Bolger & O’Hearn, ColorWorks, Merrow join forces in PPE fight

Posted August 5, 2020

 

FALL RIVER, Mass. – Faced with a global pandemic and massive Personal Protective Equipment (PPE) shortages in the United States, three large textile companies – each strong in its own niche – banded together quickly this spring to help fill the nation’s explosive demand for PPE. 

 

The result was a fast response to PPE needs and an ongoing relationship that promises to help the country continue to meet growing demand for PPE across multiple sectors of the economy as we continue to fight the COVID-19 pandemic.

 

The collaboration included Merrow Manufacturing, Inc., ColorWorks and Bolger & O’Hearn, Inc. 

Merrow Manufacturing is a massive, high-tech cut and sew operation based here, typically used by fashion and textile brands to make hard and soft textile goods.

 

Bolger & O’Hearn, also based here, provided the high-powered durable water repellents designed to repel oil, water and blood when applied to PPE fabrics, as well as other textile chemistries needed to meet ASTM requirements for Levels 1, 2, and 3 for medical PPE. A bluesign system partner, B&O is also known for developing chemical products based on environmentally compliant materials and technologies.

 

ColorWorks, located in Elizabethton, Tenn., took charge of the dyeing and finishing of millions of yards of fabric used to make the PPE. ColorWorks was purchased in January by Ocean State Innovations (OSI), based in Portsmouth, R.I. 

 

“OSI has a long history working with both Bolger & O’Hearn and Merrow,” said Bryan Boulis, president of OSI. “ColorWorks relies heavily on the support of the R&D talent at Bolger. In March of this year I reached out to Charlie Merrow [CEO of Merrow Manufacturing] in regard to his efforts to fill the PPE void both locally [for hospitals in New England] and throughout North America. Charlie presented his specifications and my team immediately reached out to Bolger & O’Hearn. ColorWorks has used 100 percent Bolger & O’Hearn products on all of the woven products we shipped to Merrow.”

 

In normal times, Merrow is a large domestic manufacturer of soft goods. Family owned, and in operation since the late 1800s, Merrow invented the overlock stitch and its manufacturing floors in Fall River are typically humming with the sound of up to 500 sewing machines and a small army of high precision fabric cutters. 

 

Earlier this year, in response to the COVID-19 pandemic, Merrow quickly pivoted and focused their textile cut and sew expertise on meeting New England’s sudden, urgent need for medical isolation gowns. In less than two months, Merrow quickly became one of the largest manufacturers of PPE in North America and through collaborations with Bolger & O’Hearn and ColorWorks, as well as DuPont, Merrow has, since March, manufactured millions of units of PPE.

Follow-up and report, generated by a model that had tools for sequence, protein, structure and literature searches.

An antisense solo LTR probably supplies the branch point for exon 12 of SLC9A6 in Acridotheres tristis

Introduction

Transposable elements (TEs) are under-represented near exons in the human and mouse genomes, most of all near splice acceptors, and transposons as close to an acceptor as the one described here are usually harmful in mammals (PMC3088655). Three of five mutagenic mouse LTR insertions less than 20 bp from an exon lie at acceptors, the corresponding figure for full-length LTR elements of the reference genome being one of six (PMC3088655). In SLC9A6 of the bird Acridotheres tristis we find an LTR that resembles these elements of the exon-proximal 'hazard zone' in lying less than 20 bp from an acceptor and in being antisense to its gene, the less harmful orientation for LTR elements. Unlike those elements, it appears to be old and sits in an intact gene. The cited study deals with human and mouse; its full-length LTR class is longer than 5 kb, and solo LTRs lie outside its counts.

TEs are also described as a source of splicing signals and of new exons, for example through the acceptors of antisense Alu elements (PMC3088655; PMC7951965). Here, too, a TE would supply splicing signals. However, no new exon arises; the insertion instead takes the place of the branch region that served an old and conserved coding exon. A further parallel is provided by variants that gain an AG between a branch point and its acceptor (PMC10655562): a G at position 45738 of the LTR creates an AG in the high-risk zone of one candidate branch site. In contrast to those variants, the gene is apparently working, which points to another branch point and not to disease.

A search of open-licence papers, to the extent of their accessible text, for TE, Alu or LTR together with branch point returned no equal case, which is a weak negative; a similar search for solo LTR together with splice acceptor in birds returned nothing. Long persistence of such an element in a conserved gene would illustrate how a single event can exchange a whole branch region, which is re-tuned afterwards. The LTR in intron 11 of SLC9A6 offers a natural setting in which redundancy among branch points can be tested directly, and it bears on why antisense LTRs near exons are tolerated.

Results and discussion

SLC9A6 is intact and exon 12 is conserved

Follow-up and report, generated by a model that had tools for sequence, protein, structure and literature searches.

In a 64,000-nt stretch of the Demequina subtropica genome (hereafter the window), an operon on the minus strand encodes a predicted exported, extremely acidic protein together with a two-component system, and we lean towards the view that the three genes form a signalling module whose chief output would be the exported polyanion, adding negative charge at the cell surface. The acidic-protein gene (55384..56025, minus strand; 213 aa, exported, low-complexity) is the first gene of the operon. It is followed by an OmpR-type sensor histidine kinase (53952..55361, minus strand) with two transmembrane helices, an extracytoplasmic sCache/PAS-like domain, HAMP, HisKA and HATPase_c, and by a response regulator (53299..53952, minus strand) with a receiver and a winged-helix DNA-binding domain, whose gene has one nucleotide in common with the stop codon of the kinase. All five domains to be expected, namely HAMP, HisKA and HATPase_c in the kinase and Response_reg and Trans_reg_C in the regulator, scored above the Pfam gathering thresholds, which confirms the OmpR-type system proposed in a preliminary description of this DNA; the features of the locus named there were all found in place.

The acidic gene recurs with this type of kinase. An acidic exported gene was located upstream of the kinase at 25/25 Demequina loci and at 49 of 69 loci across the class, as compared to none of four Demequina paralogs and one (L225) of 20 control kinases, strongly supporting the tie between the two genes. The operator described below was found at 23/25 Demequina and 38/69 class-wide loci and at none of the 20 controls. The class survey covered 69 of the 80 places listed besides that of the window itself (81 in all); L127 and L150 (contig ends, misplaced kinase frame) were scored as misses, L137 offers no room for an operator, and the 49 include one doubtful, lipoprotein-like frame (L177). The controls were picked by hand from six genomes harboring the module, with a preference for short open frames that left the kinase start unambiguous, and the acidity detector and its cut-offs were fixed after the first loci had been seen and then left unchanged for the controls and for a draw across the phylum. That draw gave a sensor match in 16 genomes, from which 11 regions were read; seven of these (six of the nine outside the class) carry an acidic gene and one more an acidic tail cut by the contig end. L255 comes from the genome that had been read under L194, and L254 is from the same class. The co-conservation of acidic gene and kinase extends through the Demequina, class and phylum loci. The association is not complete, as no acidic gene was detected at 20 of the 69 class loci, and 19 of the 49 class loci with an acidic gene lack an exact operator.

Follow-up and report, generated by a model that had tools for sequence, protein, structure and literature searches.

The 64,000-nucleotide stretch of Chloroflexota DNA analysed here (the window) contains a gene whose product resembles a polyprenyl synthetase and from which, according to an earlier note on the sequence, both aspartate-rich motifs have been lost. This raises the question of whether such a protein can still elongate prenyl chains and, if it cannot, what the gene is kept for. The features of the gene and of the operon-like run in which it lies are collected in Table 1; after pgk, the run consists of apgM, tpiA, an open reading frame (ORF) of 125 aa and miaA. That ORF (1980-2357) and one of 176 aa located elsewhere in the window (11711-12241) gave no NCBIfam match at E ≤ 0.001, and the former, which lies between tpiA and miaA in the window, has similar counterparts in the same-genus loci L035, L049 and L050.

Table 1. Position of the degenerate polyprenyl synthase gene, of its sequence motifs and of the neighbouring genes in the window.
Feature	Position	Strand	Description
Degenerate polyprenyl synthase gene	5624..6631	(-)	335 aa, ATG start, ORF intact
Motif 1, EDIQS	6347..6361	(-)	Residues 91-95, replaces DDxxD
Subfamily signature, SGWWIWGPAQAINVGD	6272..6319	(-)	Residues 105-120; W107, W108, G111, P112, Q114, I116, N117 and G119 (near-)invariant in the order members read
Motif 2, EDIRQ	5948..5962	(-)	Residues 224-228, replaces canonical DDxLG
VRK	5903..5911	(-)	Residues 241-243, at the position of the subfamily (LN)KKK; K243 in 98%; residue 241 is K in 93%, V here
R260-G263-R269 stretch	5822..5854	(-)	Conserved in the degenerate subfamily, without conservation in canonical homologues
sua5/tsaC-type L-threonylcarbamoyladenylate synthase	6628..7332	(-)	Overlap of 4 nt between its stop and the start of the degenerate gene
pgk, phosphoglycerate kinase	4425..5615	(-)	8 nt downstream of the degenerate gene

Their work has been so critical to the safety of New England residents, that Merrow was recognized by Rhode Island’s governor, Gina Raimondo, in an address to the state this spring.

 

Bolger & O’Hearn’s R&D group has a long history of working with brands and mills throughout the U.S. textile industry, developing custom chemistries designed to give their customers a competitive edge. Since March at the beginning of the pandemic, much of this work has focused on developing high powered durable water, oil and soil repellents used to manufacture items of PPE that meet Levels 1, 2 and 3  requirements for medical PPE.

“Bolger & O’Hearn is proud to be at the forefront of the effort to rebuild the U.S. textile industry’s PPE supply chain, and support brands and mills throughout the US, by developing the chemistries that help them meet our country’s urgent demands for medical gowns, curtains, lab coats and other essential items of medical PPE,” said Kelly Murphy, co-president of B&O. “With like-minded people working together, the possibilities of what we can achieve in the face of this pandemic are limitless. The push for personal protective equipment is not going away anytime in the near future.”

 

Source: Bolger & O’Hearn

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